University of Alabama research aims to make buildings safer in earthquake-prone cities

The combination of two proven construction methods could lead to safer wood-frame buildings in earthquake-prone cities.

University of Alabama professor Dr. Thang Dao (left) and Dr. Sriram Aaleti are currently working on research that could improve wood-frame buildings in earthquake-prone cities.
University of Alabama professor Thang Dao (left) and Sriram Aaleti are currently working on research that could improve wood-frame buildings in earthquake-prone cities. (University of Alabama)

Two University of Alabama professors, along with a Colorado State University professor, are engaged in research that could combine the light wood frame system (LiFS) and cross-laminated timber (CLT) to form a self-centering structure that could better withstand the force of an earthquake.

Thang Dao (assistant professor of civil, construction and environmental engineering), Sriram Aaleti and John van de Lindt (Colorado State University) are working on National Science Foundation-sponsored research they are hoping will result in a construction method they are calling CLT-LiFS.

Dao said during an interview with the Alabama Center for Real Estate that both methods have unique advantages, and along with a self-centering post-tension system, they could lead to wood-frame buildings in earthquake-prone cities as high as eight to 12 stories.

“One does very well in handling the load, and one does very well in dissipating the energy,” Dao said of CLTand LiFS. “That can improve the height of the structure because it can carry the heavier load.”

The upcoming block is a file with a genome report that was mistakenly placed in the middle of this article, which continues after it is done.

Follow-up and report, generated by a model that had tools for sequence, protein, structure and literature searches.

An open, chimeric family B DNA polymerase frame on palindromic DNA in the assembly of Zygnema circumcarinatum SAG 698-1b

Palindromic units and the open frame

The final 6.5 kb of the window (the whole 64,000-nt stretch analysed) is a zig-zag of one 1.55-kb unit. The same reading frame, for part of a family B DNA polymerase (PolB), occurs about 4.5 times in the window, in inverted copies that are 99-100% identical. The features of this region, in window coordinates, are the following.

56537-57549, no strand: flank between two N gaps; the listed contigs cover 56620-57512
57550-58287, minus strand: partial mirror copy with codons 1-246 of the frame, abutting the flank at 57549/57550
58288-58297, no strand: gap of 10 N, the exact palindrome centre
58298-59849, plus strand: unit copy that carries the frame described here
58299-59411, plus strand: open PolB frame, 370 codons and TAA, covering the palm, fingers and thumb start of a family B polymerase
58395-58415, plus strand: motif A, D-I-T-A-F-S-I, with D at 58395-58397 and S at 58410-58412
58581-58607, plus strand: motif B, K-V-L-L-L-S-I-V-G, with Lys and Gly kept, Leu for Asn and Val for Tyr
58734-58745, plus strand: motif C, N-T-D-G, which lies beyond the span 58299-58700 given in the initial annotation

The trick is finding the right combination of the two methods, and that is what Dao and his research partners will be doing at UA’s Large Scale Structures Lab.

Dao said too much use of a method like CLT could become too costly, outweighing the benefits of adding stories to a building.

“If you use too much, it costs a lot, because CLT costs a lot more than LiFS,” Dao said. “And CLT is heavy, so if it’s heavy, it creates more force during the earthquake, so LiFS can compensate for that. You have to understand the behavior of the new system and how it works in the seismic zone.”

Dao said the unbonded post-tension tendon could act as a self-centering device for buildings during an earthquake, reducing the threat of residual deformation.

This research becomes more pertinent as population growth and demographic trends push more people to live in apartments in the urban core of major metros around the world.

“In the future, we’re not going to stop at the seismic zone, because CLT does very good in the wind, too,” Dao said. “That could be hurricanes or tornadoes. If you make a safe room out of CLT in a proper way, it will survive.”

To read more about this research, click here.

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